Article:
Connecting for Health is to be stripped of its policy setting functions and turned into a delivery agent for the national programme for IT.
The change could pave the way for a quiet U-turn for the stalled programme, following pressure on the government to allow NHS organisations to choose their own IT systems provided they can work to shared standards and draw up protocols for talking to each other.
A CfH internal memo - seen by HSJ - says the organisation’s policy setting functions will be transferred to a new informatics directorate at the Department of Health which will "own the overall technical architecture to be used by the NHS and DH and will ensure systems developed conform to that architecture".
A source close the development of the programme said that would allow the DH to shift the emphasis from the central procurement of predefined systems to allowing flexible local procurement of systems fitted around a standard core.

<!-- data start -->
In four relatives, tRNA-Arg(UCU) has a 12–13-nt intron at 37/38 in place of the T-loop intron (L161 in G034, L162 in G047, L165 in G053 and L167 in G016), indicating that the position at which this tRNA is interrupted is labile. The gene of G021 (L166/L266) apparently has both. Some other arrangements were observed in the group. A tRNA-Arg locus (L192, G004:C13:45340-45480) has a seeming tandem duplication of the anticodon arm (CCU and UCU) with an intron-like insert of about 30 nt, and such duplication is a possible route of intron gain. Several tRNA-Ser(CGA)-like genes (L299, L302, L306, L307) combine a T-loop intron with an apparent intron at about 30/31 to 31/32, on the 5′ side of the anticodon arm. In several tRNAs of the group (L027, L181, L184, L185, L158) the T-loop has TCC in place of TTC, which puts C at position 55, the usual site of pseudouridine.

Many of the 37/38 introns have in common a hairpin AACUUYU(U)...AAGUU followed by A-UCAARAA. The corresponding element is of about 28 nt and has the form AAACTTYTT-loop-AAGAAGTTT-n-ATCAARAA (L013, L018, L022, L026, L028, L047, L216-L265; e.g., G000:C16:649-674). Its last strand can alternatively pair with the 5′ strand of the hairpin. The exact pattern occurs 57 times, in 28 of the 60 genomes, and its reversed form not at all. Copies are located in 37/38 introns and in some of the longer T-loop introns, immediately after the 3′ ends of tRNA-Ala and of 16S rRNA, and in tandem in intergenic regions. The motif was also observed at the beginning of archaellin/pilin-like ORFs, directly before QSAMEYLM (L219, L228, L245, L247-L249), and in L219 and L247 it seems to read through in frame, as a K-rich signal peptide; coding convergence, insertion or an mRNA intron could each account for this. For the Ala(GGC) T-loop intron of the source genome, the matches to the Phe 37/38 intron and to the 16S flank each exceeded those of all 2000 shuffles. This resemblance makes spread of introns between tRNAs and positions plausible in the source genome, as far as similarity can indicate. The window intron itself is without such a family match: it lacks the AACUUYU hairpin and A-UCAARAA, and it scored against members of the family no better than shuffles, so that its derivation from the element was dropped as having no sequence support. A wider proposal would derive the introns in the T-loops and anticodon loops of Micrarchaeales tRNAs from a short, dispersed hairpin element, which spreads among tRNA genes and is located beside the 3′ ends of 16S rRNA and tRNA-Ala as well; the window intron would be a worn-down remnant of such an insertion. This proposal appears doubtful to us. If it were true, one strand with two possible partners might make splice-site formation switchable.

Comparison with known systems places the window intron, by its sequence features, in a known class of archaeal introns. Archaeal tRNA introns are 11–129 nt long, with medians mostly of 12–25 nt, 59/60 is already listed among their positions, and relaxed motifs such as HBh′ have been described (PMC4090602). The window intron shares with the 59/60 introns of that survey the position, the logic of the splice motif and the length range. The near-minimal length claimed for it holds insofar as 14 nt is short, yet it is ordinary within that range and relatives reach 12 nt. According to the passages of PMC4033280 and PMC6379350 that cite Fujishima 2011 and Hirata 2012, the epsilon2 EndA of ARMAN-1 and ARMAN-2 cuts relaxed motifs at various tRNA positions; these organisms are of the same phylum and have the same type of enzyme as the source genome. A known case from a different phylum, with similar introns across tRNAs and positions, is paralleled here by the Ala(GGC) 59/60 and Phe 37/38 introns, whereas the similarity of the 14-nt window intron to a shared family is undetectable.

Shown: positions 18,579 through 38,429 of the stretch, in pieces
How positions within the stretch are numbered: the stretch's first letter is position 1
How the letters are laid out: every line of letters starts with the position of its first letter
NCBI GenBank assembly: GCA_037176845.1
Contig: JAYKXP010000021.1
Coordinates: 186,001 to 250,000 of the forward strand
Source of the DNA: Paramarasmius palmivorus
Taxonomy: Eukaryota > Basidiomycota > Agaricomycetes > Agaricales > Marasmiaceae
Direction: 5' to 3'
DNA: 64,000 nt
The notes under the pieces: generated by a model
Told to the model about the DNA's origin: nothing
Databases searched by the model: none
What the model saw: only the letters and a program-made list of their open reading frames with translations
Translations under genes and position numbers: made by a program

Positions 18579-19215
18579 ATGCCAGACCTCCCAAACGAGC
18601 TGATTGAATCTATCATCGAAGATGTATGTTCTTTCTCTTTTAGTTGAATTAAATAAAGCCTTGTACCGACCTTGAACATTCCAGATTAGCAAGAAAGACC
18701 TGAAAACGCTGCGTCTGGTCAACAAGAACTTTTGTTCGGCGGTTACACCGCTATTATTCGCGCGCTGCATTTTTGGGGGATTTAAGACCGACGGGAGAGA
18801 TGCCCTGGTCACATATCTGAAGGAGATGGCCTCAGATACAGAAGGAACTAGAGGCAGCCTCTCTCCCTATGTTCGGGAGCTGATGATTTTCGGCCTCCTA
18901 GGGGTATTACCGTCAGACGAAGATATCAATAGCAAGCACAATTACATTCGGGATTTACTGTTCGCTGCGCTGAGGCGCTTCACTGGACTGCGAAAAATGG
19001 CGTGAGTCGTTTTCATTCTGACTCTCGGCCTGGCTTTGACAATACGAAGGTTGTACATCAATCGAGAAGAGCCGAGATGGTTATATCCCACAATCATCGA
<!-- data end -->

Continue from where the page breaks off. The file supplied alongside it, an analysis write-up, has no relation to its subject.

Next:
The programme is scheduled to cost£12.7bn but the setbacks mean most of that has not been spent yet as the contracts only pay on delivery.
There is a danger some of the cash could be clawed back by the recession-hit Treasury, but the source said there was now a "big opportunity" to use a change [in the national IT programme] to engineer a significant boost to the UK’s software and informatics industry, as new developers could step in to provide bespoke systems for NHS organisations.
"That could happen almost overnight," he said. "There are a lot of clever people out there and a lot of primary care trusts and trusts that need their help."
A number of trusts have began working more closely with their software providers to adapt the IT programme software to their local needs.